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User profile for Nan Musson
Name: Nan Musson
Alias: Nan Musson
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Re: aphasia in children
Posted at: 2022-03-12 07:53:00
Aphasia is an aquired language disorder and may occur in children after any trauma to the brain including stroke. It would be important to rule out a prior learning or language disability. I will do a bit of searching and let you know if there are any research programs specific to children.
Re: aphasia connected to pregnancy
Posted at: 2022-01-18 13:01:10
Sounds as if there was some type of transient or short term problem with communication or language during your mother’s pregnancies. Aphasia refers to changes in all areas of language including speaking, listening, reading, and writing.

And you are correct, aphasia is usually diagnosed after a stroke (typically left side of the brain) or secondary to a trauma to the head or tumor. Strokes can occur during pregnancy or during the delivery and language problems may be persistent. Without knowing any prior medical history or physical status - she may have had a “small stroke” (transient ischemic attack) or another type of event that reduced blood flow to the brain.

Hope this helps let us know if you have additional questions.

Re: treatment for aphasia
Posted at: 2022-01-18 12:47:24
I believe this question was addressed by previous professionals and suggestions were given to see a Speech Language Pathologist or Therapist.

Medications will not cure aphasia. There are some medications that are being studied in the US and are administered as soon as the stroke symptoms are observed and it would not benefit your father or his type of stroke. There are some medications that are being studied when they are given with rehabilitation. The evidence for use of medication paired with rehabilitation is yet to be reported for large patient populations. And I am not sure what medications may be approved and distributed in your part of the world - so again would recommend you talk with a Neurologists and Speech Language Pathologist to review all potential options.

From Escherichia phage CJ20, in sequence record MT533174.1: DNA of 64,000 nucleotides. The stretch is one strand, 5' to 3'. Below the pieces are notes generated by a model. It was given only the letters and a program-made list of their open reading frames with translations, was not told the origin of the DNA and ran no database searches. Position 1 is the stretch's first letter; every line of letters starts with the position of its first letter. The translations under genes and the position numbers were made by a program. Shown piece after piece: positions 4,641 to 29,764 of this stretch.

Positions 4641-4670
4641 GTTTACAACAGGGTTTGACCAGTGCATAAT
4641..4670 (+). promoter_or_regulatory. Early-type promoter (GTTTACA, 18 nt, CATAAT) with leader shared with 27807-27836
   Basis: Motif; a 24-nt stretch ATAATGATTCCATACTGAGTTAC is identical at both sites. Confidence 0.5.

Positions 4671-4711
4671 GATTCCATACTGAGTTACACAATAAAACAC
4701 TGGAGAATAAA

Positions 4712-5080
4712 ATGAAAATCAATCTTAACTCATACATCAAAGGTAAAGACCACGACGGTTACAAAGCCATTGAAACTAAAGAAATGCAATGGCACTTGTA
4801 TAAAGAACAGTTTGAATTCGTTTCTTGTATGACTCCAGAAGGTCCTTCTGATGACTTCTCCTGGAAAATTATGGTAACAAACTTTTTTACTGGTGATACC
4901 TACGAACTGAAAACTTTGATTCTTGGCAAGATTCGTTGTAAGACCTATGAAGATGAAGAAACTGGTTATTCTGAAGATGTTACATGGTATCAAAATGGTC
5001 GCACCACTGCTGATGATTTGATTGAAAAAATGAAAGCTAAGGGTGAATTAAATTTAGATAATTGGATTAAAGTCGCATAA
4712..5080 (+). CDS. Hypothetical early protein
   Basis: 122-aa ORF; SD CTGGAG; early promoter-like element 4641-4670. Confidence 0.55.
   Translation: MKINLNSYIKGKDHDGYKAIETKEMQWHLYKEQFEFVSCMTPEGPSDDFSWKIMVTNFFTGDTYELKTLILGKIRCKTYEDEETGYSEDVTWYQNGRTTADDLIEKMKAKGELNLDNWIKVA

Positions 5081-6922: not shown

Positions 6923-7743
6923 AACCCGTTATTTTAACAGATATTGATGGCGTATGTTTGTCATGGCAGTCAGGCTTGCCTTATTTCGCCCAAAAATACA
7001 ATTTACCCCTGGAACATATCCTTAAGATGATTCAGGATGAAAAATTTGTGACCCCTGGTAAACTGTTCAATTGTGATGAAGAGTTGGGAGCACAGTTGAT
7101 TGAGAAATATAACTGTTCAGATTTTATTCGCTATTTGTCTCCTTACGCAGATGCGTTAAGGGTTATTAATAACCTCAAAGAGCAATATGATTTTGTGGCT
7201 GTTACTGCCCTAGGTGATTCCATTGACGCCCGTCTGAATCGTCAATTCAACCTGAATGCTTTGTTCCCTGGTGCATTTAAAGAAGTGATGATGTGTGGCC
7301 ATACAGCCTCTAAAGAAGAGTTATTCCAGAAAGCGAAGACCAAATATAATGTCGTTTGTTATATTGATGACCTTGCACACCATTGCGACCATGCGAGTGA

Let us know if we can answer additional questions or assist you.

Re: mom’s speech
Posted at: 2022-01-18 10:55:06
It is not uncomon that individuals either become frustrated or do not want to “practice” language or speaking with family members. Some individuals may also withdraw from communication or become depressed if “tested” or forced to talk when they may not be successful. So again - may want to consider a variety of non-verbal communication activities and not force verbal.
You may want to try very simple but interactive activities such as a card game, checkers or dominoes…..something she may have enjoyed in the past where you can interact with gestures, showing cards or pointing and yet not demand speech to have a successful exchange. Another possible activity - setting up a scrap book with pictures of family members or favorite places and friends. You could write down names, places and dates to add to the scrapbooks. She can then share this with others. Her friends or family members can then add pages with important, people, events or activities to share.
I agree with you - do not stop any interactions or communication with her friends. Friends are very precious and may provide a variety of communication interactions for her. Also you do not want to discourage friends from calling or contacting her. (Sometimes friends or family members will stop interactions if they cannot communicate so it is important to retain as many friends as possible).
Hope this provides some additional suggestions - and feel free to send more questions.
Re: Temporary Aphasia
Posted at: 2022-01-11 06:48:01
I spoke with two neurology colleagues and they confirm that a migrane may cause transient aphasia (few hours). However, his history of two strokes and symptoms of severe aphasia and dysphagia once a month that last for an average of three days may also suggest another etiology for strokes or mini-strokes often refered to as transient ischemic attacks (TIA). Heprin may not always be the treatment of choice for migrane or TIAs. So we would suggest you and your husband consider reviewing your sequence of medical events and symptoms with his physician or neurologist to rule out any additional reasons for possible TIAs that may be treated by a variety of medications or interventions.
You may also want to talk to your physician about a referral to a speech-language pathologist or neuropsychologist to document changes in memory and language skills.
Thank you for your question and let us know if you have additional questions.
Re: mom’s speech
Posted at: 2022-01-10 13:02:48
Thanks for writing -